Professor Friedman has posted a link (via Westlaw) to a “nice opinion” on a case similar to Williams v. Illinois. Here is a more available link to Derr v. State (Maryland). Basically this is a surrogate expert witness at trial case. The Maryland court said:
Derr challenges the admission of forensic evidence introduced at trial through the testimony of an expert witness who did not take part in or observe the physical testing of the evidence, or independently determine the test results.
In this case, there are three pieces of evidence and related testimony that implicate the Confrontation Clause: a 1985 serological report, and the DNA analysis from 2002 and 2004. We shall hold that a testimonial statement may not be introduced into evidence without the in-court testimony of the declarant, unless the declarant is unavailable and the defendant had a prior opportunity to cross-examine the witness. Here, the testing procedures and method employed, the DNA profile created, and the conclusion that there is a match are testimonial in nature, and therefore the analyst who performed the DNA testing is a witness subject to confrontation and cross-examination within the meaning of the Confrontation Clause. In addition, the DNA profile and analysis constituted testimonial statements prepared in anticipation of trial, which were offered into evidence through the testimony of a surrogate who did not participate in or observe the testing procedures. Derr was thus not able to confront the witnesses who made testimonial statements against him, and he was not provided with a prior opportunity to cross-examine the witnesses. Therefore, the testimony offered by the surrogate and the admission of the serological reports and DNA evidence were subject to the protections of the Confrontation Clause (emphasis added).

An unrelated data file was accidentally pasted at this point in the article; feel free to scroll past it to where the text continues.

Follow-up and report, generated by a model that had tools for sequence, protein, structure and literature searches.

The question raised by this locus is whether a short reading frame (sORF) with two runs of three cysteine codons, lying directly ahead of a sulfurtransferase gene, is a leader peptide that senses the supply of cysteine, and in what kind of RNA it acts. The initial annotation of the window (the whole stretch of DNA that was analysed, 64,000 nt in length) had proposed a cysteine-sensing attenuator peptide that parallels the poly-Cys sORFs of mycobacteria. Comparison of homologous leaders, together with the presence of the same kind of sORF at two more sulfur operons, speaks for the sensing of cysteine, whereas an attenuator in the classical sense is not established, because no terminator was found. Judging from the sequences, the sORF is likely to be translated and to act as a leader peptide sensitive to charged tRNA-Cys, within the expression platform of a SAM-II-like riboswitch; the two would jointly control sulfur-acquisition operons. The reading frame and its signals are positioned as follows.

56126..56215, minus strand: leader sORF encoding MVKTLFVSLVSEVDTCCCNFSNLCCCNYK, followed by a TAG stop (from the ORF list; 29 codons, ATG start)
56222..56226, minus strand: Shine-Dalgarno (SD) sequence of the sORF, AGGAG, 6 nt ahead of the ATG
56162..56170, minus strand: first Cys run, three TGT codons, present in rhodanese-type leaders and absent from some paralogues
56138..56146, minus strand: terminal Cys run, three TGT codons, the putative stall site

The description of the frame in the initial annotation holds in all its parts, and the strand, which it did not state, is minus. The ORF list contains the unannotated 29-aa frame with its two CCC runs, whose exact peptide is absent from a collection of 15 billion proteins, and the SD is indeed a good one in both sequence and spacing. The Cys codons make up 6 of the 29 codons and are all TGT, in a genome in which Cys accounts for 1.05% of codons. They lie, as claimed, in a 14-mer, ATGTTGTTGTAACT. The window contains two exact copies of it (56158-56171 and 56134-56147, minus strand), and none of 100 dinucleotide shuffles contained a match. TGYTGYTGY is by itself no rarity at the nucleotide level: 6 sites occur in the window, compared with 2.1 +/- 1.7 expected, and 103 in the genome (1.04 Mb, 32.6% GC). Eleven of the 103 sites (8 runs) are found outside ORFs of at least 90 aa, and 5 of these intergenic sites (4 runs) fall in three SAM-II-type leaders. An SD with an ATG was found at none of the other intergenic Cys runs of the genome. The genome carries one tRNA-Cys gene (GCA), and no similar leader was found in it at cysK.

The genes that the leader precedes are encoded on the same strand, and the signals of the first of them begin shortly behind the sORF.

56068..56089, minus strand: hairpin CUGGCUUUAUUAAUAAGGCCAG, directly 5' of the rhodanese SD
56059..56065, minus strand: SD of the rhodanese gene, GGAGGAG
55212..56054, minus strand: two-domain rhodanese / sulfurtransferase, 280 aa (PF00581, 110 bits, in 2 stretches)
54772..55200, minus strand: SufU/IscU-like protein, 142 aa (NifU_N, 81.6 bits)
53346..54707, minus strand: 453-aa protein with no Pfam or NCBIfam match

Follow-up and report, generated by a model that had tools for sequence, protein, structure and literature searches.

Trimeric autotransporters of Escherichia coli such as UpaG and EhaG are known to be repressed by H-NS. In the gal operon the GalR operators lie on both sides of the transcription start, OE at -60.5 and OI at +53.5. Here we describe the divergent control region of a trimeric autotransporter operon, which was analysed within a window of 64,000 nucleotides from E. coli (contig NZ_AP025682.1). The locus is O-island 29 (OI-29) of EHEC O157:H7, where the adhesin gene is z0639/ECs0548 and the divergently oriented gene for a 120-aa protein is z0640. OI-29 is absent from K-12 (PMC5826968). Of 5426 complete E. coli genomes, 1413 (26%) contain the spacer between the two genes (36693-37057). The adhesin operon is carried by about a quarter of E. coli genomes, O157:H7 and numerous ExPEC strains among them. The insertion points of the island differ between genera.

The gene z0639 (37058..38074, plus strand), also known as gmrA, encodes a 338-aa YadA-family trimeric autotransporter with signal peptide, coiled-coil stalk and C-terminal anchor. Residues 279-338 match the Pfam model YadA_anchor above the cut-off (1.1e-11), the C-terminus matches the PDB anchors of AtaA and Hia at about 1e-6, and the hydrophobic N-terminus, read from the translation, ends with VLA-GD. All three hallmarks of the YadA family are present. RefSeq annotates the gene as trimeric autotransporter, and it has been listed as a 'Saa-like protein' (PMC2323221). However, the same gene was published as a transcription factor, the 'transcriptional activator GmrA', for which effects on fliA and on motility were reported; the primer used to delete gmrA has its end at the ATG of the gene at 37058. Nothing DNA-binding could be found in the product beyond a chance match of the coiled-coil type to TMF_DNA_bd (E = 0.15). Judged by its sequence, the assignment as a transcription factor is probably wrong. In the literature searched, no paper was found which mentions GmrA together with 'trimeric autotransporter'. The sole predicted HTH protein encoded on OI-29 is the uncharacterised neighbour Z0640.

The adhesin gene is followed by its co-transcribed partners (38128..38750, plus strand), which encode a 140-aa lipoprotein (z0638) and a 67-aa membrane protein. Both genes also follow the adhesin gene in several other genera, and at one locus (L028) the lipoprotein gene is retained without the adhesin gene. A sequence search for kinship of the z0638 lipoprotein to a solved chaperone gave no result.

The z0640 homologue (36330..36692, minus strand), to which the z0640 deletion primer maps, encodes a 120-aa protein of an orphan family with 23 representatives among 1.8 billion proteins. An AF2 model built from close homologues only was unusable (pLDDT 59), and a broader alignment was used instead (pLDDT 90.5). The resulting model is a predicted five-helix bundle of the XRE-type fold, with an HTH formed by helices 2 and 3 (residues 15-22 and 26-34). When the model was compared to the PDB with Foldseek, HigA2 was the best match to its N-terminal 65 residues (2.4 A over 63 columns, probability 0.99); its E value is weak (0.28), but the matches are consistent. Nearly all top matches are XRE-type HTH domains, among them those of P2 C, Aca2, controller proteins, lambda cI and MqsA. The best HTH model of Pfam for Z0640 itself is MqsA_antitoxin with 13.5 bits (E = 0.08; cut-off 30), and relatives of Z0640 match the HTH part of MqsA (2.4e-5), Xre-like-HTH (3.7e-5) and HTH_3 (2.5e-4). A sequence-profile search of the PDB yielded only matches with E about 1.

SCOTUSBlog notes that Williams will be argued on 6 December 2011.
Issue: Whether a state rule of evidence allowing an expert witness to testify about the results of DNA testing performed by non-testifying analysts violates the Confrontation Clause, when the defendant has no opportunity to confront the actual analysts.
Plain English Issue: Whether a court violates a criminal defendant’s rights under the Confrontation Clause by allowing an expert witness to testify about the results of DNA testing conducted by another analyst who has not appeared as a witness at the trial.